It's not spring , but it's kinda nice. You know the time called high summer , when the maple leaves get dusty and the cicadas sound like the Second Coming? This is that part of winter. We still have two feet of snow and, for the first time in years, there's a crust on it that I can dance on with a light dusting of fresh snow on top that just glows in the late winter afternoon sunshine.
There's always a sub-hyperborean city of mice, shrews, voles and smaller dwellers beneath the the snow cover busy with their notions of haute cuisine and family planning. But when the snow lays on long, hunger (or maybe just adventurousness) sends a few hardy souls out onto the great white plain to visit last fall's seed pods that dribble onto the snow or last week's addition to the kitchen midden. Last night's dusting of snow over the smooth crust relates to their size about the way a foot of snow relates to a highway plow -- one leaves a furrow rather than individual tracks from a distant tuft of timothy to a nearby clutch of hairy fescue, with a meandering detour through the compost heap, the well cover and an intriguing bit of rubbish. Or a zigzag little track from the woods finally disappears under the woodpile.
Now our tomcat, something like a cross between Nero Wolf and Garfield, has read the local rag under his cat dish (wellll, ok, he just looks at the pictures; It's not brains he gets from Nero Wolf) and knows about the annual ice fishing contest on the La Have River, a weekend of revelry in an ad hoc village of "fish shacks" so outrageous as to defy casual description, an event at which a hundred square inches of black, icy water can consume a whole night of talk and (indirectly) an Imperial quart of strong rum. And our cat has discovered Ice-Mousing! From the dooryard, I can track him -- I know it's him because he's the only one of our three cats whose undercarriage leaves drag marks in the snow like a sagging, long-haired muffler -- from hummock to grass tuft, from inconspicuous mousehole in the ice to promising bramble stalk, perambulating the perimeter as old Yankees used to say, till out near the edge of the woods there's scuffle marks around one hole in the ice and a more or less direct line of tracks back to a properly marked piece of turf in the dooryard suitable for dining.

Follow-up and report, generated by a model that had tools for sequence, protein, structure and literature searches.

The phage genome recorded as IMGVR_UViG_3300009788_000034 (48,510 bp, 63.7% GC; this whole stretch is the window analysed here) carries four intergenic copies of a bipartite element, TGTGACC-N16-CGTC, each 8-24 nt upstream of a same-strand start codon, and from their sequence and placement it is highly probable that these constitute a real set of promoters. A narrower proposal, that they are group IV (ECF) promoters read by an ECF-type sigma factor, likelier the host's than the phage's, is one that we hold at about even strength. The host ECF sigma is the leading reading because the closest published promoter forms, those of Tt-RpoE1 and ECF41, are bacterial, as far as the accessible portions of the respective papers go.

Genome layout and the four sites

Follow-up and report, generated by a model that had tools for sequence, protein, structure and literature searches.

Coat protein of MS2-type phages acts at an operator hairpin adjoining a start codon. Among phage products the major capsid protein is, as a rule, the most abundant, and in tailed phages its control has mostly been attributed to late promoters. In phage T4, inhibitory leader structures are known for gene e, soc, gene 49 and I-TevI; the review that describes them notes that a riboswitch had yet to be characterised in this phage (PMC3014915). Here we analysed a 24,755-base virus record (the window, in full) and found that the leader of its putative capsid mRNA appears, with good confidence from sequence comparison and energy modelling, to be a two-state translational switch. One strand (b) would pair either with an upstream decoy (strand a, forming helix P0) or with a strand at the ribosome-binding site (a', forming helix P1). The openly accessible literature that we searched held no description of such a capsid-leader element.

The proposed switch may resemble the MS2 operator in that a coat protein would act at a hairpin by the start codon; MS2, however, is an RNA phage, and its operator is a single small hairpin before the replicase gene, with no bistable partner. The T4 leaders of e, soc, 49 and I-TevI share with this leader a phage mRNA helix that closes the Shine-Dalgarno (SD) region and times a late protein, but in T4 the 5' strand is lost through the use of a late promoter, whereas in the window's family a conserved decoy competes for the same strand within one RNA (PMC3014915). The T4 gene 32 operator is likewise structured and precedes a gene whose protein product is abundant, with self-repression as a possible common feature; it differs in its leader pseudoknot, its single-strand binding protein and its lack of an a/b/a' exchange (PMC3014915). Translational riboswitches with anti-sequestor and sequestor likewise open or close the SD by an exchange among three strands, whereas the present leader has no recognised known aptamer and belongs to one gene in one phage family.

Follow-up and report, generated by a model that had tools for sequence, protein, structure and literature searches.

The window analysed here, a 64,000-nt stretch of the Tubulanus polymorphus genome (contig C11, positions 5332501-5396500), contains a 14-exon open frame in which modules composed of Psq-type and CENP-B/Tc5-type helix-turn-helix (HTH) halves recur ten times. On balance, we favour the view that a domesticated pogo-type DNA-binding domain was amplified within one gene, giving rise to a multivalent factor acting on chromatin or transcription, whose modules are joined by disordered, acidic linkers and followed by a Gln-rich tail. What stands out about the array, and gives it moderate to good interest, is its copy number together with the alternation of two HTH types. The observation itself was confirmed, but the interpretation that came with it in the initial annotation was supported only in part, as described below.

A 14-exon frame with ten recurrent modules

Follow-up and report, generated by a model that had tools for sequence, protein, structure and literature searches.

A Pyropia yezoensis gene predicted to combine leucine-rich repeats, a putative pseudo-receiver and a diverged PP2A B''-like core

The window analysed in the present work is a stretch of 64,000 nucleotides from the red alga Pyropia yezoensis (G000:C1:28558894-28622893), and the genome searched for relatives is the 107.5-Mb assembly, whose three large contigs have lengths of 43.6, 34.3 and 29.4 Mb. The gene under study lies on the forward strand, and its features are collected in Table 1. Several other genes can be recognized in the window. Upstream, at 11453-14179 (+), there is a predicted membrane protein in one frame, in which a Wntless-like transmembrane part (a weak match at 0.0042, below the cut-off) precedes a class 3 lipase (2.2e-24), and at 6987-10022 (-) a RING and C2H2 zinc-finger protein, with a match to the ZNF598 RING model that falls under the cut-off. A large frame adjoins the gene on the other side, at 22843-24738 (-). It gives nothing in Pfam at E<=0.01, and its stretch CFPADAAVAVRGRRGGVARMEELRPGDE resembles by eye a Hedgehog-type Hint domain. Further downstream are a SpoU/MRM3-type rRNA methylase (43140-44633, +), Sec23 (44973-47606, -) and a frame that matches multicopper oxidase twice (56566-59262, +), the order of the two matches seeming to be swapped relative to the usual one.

Orts. Fine old word. Three tiny feet and a tail.
I wonder if I should build him a little shack and stock it with a nip of Capt. Morgan's and a Sterno can.